In addition to this wealth of information of the Templar story, we also get supplemental material to help complete the picture. This includes maps, notes on names, brief bios of major players of the time (Hey Eleanor!), the popes (no antipopes) through those centuries, the kings and queens of Jerusalem, and finally the names of every Master of the Order of the Poor Knights of the Temple of Jerusalem. As one would expect from Jones, the notes section and bibliography are extensive and light the way for anyone looking to further read up on the subject.

I have purposely been a bit sparse on details from the book, as we are still roughly a month out from the book being available for public consumption. I don't want to give away a lot of these fascinating details because I do hope you will discover them for yourselves. If you care to see the notes I took as I was reading, you can see them on Goodreads. I also hope that any silliness that sometimes accompanies my discussion of Jones and his work does not deter you from picking up this book, or any of his others (yes, I do understand in reality that we are not BFFs. Yet.) The story alone is worth it, as their rise and fall was spectacular indeed (to steal from the subtitle of the US edition.) But the way in which Jones' writes will keep your attention the whole way through. Highly recommended.

UK Pub Date: September 7th
US Pub Date: September 19th

Thursday, August 17, 2017

First Line Friday: Bible Edition


Happy First Line Friday! Technically it is still Thursday because, well, it is. It is 8:20 PM on Thursday night as I am typing this and by tomorrow I will be exhausted because let me tell you a major truth: there is NO tired like first week of school tired. AND next week will be the worst of it, because the first three days of this week were meetings and working on our classrooms. Students started today. Next though...I'll be lucky if I can keep my eyes open by Wednesday. I hope I can though, because next week my church is starting our new small groups for the fall and I AM SO EXCITED because we are reading this book, which my first line comes from this week:

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"In the beginning, God created the heavens and the earth."

I first attempted to read the Bible cover to cover in seventh grade. I made it through Deuteronomy before I gave up. I know the New Testament much better than the Old Testament and I am looking forward to this one, plus I get to be in a small group lead by my pastors, who are pretty much two of my most favorite people on the planet.

Let me know what you think of the line, and/or leave a line of your own. Then, visit my fellow First-Liners to see what they have this week. We have several new members who have joined in the recent weeks, make sure you check them out!


If you want to join in on First Line Friday, let Carrie know!

Happy Reading!

Sarah

Monday, August 7, 2017

The Obamas

FYI: I'm not going to debate anyone about my opinions on President Obama. Don't bother with that nonsense around here. If you want to talk about the book, cool. I'm not doing political debates on my book review blog.

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Rating: 1 Star

So I wonder if, in an attempt to appear unbiased, the author realizes just how far she went out of her way to make the Obamas nearly unlikable. I absolute love the Obamas, and if Barack could have run for a third term, I'd have voted for him. Michelle is one of the top five people on my list for best shopping buddies. But if I did not know anything about them, and I had only this book for knowledge, I would think Michelle was angry all the time, super controlling and unwavering in her opinions, never one to compromise with anyone. And Barack - a pompous introvert? Really? The author's little play with his supposed 'I told you so" looks was ridiculous. I have never seen two people more in love, more electric, more everything. 

I guess the author thought she was being so sly with her 'sources' but ultimately this is poor writing at its best, or worst, however you want to look at it. The author tries the, "look at me with all the insider knowledge" garbage, and it comes off as abrasive and condescending. Do not bother with this one.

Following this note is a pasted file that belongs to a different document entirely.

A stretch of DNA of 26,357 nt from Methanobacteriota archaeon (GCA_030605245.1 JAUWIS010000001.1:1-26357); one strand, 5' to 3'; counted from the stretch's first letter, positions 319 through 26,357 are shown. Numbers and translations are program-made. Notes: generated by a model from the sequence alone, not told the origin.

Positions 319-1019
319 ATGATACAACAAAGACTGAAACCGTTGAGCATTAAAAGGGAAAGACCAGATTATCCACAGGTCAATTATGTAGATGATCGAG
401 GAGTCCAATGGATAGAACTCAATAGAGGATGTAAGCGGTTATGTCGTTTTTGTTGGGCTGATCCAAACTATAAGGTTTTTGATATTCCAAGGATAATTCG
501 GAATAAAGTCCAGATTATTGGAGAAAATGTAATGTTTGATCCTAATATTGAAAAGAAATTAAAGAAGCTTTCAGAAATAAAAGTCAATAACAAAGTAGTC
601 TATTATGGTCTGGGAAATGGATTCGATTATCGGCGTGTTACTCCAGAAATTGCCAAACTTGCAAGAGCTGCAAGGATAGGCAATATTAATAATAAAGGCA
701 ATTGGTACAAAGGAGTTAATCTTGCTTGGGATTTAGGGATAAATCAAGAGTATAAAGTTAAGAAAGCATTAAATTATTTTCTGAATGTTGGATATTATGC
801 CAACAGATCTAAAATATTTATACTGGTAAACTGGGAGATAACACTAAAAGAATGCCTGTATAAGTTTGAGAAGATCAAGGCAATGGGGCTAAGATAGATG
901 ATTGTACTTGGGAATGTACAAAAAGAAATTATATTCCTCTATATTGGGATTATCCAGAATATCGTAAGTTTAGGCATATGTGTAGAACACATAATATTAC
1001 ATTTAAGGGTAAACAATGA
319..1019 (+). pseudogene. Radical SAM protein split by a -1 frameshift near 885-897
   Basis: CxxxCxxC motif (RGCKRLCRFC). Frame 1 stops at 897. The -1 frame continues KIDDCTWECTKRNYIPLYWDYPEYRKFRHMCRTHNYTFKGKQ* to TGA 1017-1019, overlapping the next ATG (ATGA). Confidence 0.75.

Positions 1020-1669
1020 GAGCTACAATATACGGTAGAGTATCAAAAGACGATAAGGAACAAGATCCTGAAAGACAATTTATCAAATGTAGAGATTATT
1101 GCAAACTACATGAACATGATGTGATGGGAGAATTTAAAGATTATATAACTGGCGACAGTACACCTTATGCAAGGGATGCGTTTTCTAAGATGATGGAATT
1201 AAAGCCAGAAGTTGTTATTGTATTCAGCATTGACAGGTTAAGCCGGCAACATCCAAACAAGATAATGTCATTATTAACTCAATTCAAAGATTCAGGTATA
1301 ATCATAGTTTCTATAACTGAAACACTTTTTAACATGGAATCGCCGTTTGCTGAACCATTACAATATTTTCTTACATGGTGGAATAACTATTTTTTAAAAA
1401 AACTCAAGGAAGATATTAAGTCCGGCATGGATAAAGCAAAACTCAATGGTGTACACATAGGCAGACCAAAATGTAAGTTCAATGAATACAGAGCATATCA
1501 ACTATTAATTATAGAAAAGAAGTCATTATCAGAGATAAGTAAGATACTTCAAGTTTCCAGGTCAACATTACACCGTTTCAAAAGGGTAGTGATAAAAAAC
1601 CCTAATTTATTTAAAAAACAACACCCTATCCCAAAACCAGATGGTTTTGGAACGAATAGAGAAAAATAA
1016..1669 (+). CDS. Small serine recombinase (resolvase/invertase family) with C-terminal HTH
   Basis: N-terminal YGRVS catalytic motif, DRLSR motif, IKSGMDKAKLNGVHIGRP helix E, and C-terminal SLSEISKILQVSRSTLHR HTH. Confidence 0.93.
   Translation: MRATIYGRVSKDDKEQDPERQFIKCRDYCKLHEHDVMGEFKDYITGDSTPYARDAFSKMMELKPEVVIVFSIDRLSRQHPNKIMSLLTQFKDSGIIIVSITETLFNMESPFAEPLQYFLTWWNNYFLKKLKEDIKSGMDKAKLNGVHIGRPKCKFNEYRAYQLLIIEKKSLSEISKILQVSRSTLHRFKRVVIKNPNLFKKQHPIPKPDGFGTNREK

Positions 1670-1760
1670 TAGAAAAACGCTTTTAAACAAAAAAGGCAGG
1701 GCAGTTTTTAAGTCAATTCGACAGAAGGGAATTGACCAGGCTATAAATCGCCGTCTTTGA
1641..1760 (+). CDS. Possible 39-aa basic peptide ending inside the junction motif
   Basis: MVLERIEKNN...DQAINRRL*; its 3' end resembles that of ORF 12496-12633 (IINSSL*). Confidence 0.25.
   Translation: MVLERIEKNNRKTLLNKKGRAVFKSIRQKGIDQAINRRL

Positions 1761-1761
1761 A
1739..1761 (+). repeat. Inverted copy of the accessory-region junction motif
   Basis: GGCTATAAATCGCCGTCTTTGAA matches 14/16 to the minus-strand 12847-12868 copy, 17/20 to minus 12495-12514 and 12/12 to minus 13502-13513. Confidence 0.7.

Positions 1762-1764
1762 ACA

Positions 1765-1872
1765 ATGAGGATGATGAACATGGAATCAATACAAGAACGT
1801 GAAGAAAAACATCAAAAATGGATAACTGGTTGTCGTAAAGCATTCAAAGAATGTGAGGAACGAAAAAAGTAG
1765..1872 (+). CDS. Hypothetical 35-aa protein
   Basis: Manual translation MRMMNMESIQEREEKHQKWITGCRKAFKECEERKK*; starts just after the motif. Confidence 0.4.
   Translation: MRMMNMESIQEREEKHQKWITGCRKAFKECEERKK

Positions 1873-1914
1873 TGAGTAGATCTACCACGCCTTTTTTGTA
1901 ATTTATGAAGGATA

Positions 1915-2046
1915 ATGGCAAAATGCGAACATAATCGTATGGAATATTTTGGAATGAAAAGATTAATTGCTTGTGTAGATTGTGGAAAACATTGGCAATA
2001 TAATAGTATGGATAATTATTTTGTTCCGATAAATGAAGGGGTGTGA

Thursday, August 3, 2017

First Line Friday: Bible Stories



Happy First Line Friday! I missed out on last week because E and I were traveling to visit family Friday and I am one of those "last-minute packers". But I am excited to share this week's words from a gem I found via BookBub, a steal at $1.99 recently. Sorry to be the bearer of bad news, it is back to its regular price. But I recommend taking a look at it anyway and I am super psyched to start this one.

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My first line is (actually a paragraph) from the introduction:

"A generation ago, public discourse was littered with biblical references. Someone who endured painful circumstances without giving in to resignation and despair was said to have "the patience of Job". Someone who demonstrated an uncanny ability to see the true nature of things was said to have "the wisdom of Solomon." Great stories like David and Goliath, Daniel in the lion's den and Balaam's talking donkey were mentioned in stories and songs - both religious and popular. Everyone was at least somewhat familiar with them. But that isn't the case anymore."

While I do somewhat disagree with the last two sentences - I don't think the situation is anywhere near as dire as made out to be - I am excited to start this devotional and see where it takes me.

Let me know what you think of the line, and/or leave a line of your own. Then, visit my fellow First-Liners to see what they have this week. We have several new members who have joined in the recent weeks, make sure you check them out!

If you want to join in on First Line Friday, let Carrie know!

Happy Reading!

Sarah

Just Call Me Braggy McBraggerson...

So, guess what was waiting ever so patiently in my mailbox when Eleanor and I arrived home from vacation today!

I'll give you three guesses but I bet you only need one.

No, Dan Jones was not actually in my mailbox.

But this was:



Why yes, you are looking at copy #78 of 120 LIMITED EDITION PROOFS! And it is autographed! I HAVE A BOOK THAT DAN JONES PHYSICALLY OPENED AND SIGNED! Even without the lettering, it is gorgeous. I was lucky enough to win one of the copies given away a couple weeks ago by the UK publisher, Head of Zeus books - which is how I snagged the UK cover in the first place which, as you might recall, is my favorite.

Also, US tour info has finally been updated and I will be going to one of Jones' book signings in the fall! Eek.

I'm telling you, we are so going to be best friends. Once he sees I am a normal person and not actually as crazy as I seem, of course.

Happy Reading!
Sarah